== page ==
In accordance with the presently described example as applied to the game machine described above with reference to FIG. 1 the following steps are performed. Predefined pattern data are stored, for example, on the recording medium 5. The predefined pattern data are advantageously in the form of grey-scale design patterns, which thereby permit greater flexibility when selecting colors of each layer, as described more fully below, and consist of any desired shapes or regions which can be suitably combined in layers with other ones of such predefined design patterns to collectively create a texture pattern for the display object. By storing a wide variety of different predefined patterns identified by a particular pattern number, an almost limitless variation in created textures can be achieved by matching the many different combinations of such patterns. In the illustrated example, the first (lowest) layer consists of a base pattern comprised of an unpatterned background. The second layer which is placed over the base layer in step 2 of FIG. 3, is pattern 1, and is comprised of a pattern consisting of horizontal stripes. The third layer, i.e. pattern 2, is comprised of a pattern consisting of crescents adjacent the sleeves and is selected and applied in step 3. Finally, in step 4, the fourth (uppermost) layer is selected and applied and is pattern 3 consisting of vertical stripes.
Once these patterns have been predefined and stored, the actual process of creating a particular texture pattern (uniform design in the illustrative example) advantageously begins by selection of the first layer from the stored predetermined pattern data. The selected first pattern is suitably stored in memory, for example, in the above described apparatus embodiment, by utilizing an accumulation buffer included in the non-display area of RAM 8. In the illustrated example, the base pattern presenting an unpatterned background is selected and stored in the accumulation buffer, as shown in Step 1 of FIG. 2. Such a base pattern serves as a foundation for all subsequently layered patterns. A color is then selected by specifying the particular RGB value, which is applied to the pattern, in the present case the base pattern. The base pattern is then drawn into the accumulation buffer using the selected color. The next pattern to be layered over the base pattern is selected from the predetermined patterns and a color is selected for this pattern in the previously described manner. This layer is then also drawn into the accumulation buffer using the corresponding color data. The steps are repeated for a desired number of subsequently layered patterns (in the example, two additional layers) until a desired texture is achieved as a bitmapped image in the accumulation buffer. This bitmap data is later mapped onto a three-dimensional model or character image for display in the frame buffer.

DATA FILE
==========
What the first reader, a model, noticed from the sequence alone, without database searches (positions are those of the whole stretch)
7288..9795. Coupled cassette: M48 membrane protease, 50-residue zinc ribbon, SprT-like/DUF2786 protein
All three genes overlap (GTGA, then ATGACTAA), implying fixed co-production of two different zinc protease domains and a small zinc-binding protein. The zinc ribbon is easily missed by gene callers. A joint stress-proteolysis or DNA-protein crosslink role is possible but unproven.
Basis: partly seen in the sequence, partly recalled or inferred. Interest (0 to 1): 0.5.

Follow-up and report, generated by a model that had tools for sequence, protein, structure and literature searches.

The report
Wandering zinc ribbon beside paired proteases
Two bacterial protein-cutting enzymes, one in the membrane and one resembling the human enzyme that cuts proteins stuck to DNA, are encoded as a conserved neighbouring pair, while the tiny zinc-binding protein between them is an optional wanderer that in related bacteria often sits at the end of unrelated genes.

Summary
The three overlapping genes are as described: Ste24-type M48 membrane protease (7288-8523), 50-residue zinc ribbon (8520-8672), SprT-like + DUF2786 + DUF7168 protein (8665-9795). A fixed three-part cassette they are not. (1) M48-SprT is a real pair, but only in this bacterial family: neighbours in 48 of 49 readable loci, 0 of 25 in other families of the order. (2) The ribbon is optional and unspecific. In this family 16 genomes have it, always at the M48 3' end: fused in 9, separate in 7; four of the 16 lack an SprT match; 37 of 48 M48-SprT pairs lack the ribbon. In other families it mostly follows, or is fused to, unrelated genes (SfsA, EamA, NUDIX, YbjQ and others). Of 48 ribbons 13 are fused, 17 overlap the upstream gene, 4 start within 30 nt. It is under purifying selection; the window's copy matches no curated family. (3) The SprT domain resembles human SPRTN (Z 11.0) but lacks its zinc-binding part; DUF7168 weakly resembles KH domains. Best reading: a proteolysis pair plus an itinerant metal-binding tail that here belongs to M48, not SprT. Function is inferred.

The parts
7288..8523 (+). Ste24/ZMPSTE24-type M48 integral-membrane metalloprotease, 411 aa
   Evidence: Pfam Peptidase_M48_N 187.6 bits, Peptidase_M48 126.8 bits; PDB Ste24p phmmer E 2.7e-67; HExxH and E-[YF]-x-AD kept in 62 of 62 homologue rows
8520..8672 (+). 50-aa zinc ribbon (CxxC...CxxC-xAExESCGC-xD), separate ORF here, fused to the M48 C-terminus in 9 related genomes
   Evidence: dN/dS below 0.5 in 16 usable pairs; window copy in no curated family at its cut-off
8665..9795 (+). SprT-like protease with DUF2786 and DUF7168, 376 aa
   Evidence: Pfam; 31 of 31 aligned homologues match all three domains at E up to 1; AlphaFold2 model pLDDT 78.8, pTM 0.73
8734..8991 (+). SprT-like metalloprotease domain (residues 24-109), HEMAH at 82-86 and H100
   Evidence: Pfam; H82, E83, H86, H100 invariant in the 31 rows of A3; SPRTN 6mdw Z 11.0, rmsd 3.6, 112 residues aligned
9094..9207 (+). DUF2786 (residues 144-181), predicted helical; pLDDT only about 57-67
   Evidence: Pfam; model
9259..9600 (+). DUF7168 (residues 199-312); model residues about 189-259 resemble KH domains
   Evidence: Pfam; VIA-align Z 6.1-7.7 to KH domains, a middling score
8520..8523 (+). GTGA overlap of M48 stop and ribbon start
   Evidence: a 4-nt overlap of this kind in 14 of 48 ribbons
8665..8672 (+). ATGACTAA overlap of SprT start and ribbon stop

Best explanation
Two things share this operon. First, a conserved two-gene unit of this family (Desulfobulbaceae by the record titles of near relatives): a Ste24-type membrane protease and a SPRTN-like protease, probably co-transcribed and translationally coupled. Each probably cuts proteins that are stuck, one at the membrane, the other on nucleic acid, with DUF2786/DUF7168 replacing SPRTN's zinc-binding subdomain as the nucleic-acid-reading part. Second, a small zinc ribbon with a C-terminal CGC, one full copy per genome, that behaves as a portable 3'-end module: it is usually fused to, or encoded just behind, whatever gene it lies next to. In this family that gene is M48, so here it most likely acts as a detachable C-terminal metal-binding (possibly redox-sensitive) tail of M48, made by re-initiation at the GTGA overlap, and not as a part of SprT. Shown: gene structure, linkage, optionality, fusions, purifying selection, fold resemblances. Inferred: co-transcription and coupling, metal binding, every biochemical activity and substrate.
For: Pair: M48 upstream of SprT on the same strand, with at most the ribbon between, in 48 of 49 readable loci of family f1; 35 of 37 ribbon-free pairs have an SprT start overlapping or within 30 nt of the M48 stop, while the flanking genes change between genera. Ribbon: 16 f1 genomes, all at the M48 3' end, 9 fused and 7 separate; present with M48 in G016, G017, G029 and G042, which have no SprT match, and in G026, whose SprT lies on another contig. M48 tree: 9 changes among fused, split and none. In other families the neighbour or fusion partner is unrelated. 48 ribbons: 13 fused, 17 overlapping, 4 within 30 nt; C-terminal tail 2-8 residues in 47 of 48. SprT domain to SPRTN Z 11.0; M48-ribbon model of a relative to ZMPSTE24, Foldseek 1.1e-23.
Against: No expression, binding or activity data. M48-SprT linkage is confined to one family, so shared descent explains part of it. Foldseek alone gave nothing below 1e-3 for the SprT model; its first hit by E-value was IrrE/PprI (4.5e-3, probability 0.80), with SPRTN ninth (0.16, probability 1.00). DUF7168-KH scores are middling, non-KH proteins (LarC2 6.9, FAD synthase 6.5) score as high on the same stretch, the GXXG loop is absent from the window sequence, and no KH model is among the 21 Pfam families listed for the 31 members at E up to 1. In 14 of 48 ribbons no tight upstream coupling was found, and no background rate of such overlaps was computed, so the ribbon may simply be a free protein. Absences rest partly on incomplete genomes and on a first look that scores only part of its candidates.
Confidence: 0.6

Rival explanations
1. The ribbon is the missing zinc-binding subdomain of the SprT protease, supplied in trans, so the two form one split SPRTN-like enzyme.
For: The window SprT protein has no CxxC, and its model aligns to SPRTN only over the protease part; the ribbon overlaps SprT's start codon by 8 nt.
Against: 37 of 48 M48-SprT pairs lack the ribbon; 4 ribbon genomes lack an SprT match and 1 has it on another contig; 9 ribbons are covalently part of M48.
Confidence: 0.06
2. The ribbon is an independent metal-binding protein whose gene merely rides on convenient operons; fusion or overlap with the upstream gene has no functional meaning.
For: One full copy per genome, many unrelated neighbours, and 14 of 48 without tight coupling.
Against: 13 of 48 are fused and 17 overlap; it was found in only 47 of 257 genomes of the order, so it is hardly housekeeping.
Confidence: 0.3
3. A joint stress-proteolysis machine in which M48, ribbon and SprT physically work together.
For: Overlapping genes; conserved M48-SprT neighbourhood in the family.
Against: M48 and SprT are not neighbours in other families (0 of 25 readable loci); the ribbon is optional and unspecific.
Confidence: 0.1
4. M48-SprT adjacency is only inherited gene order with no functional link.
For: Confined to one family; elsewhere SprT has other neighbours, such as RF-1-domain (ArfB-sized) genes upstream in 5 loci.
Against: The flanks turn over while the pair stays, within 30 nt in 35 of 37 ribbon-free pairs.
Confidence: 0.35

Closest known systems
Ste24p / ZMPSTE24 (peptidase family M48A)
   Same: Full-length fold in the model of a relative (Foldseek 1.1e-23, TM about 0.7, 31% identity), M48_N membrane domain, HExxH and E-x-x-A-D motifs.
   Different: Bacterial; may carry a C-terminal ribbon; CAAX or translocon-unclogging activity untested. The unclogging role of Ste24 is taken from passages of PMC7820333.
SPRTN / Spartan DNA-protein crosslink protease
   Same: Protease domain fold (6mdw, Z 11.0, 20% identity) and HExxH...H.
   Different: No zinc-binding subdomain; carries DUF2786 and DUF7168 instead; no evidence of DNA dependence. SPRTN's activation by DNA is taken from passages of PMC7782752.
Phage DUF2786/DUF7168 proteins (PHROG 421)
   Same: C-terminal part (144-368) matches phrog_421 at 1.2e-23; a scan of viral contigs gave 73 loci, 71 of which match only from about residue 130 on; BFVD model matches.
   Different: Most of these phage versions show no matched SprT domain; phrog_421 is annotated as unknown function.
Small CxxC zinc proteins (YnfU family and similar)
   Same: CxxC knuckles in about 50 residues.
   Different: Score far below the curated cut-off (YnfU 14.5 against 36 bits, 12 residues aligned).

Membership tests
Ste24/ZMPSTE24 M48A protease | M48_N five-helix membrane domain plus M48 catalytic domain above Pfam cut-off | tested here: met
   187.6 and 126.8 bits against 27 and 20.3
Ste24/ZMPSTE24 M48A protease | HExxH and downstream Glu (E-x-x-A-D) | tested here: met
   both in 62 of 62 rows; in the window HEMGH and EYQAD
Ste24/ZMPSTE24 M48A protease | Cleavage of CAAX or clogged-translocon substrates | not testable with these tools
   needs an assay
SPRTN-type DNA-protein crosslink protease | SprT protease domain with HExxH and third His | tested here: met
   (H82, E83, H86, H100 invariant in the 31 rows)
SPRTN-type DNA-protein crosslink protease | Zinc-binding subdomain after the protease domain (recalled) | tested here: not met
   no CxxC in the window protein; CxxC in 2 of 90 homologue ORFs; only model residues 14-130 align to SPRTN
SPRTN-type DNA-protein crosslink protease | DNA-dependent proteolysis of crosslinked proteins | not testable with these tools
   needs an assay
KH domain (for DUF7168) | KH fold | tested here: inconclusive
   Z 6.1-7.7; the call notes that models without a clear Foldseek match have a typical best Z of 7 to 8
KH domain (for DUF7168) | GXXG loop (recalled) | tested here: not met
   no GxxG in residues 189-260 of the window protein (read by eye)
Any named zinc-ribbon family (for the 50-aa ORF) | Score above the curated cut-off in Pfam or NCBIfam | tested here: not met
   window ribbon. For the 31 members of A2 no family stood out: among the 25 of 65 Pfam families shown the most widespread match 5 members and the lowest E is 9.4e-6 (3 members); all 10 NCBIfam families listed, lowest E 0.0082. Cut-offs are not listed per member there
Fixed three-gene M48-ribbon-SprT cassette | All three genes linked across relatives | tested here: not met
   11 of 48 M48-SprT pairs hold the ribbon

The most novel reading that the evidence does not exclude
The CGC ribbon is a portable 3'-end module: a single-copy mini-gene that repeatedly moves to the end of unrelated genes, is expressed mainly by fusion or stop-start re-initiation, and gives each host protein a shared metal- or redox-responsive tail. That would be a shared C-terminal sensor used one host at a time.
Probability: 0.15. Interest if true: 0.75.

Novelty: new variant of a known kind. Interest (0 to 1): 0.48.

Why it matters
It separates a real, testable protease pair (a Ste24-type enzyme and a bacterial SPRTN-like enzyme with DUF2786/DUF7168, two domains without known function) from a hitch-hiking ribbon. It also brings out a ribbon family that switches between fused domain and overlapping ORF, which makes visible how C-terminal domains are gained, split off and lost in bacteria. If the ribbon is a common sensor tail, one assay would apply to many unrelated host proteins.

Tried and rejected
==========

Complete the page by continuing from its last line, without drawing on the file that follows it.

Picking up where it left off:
The chart in FIG. 3 includes, by simplified example, the particular data representative of the RGB (Red, Green, Blue) value for each of the constituent patterns which have been layered to produce the finished texture shown in step 4. An RGB value of 255,255,0 indicates that yellow was selected as the color of the base pattern. Blue, having an RGB value of 0,0,255 was selected for subsequently applied pattern 1. As shown in step 2, the resulting 2D pattern is therefore blue horizontal stripes over a yellow background. Next, green was selected for the crescent pattern of pattern 2 in step 3, having an RGB value of 0,255,0. Finally, in step 4, red was selected for the vertical stripes of pattern 3, resulting in the depicted resulting 2D pattern representing the completed 2D texture. It is to be understood that further patterns could be applied over the layered patterns of the illustrated example, if so desired, without departure from the invention.
The various selections made in preforming the above described layering and color selection steps are implemented in practice by selection means for inputting a desired pattern or color selection. For example, when utilizing the method in accordance with an embodiment of the invention in the game system 1, described above and directed to home use, such selection means are conveniently, though not necessarily, located on the operation input unit, and may advantageously utilize shared components which perform various other actions during game play, and which may be toggled between pattern/color selection and game play operational modes according to conventional practice.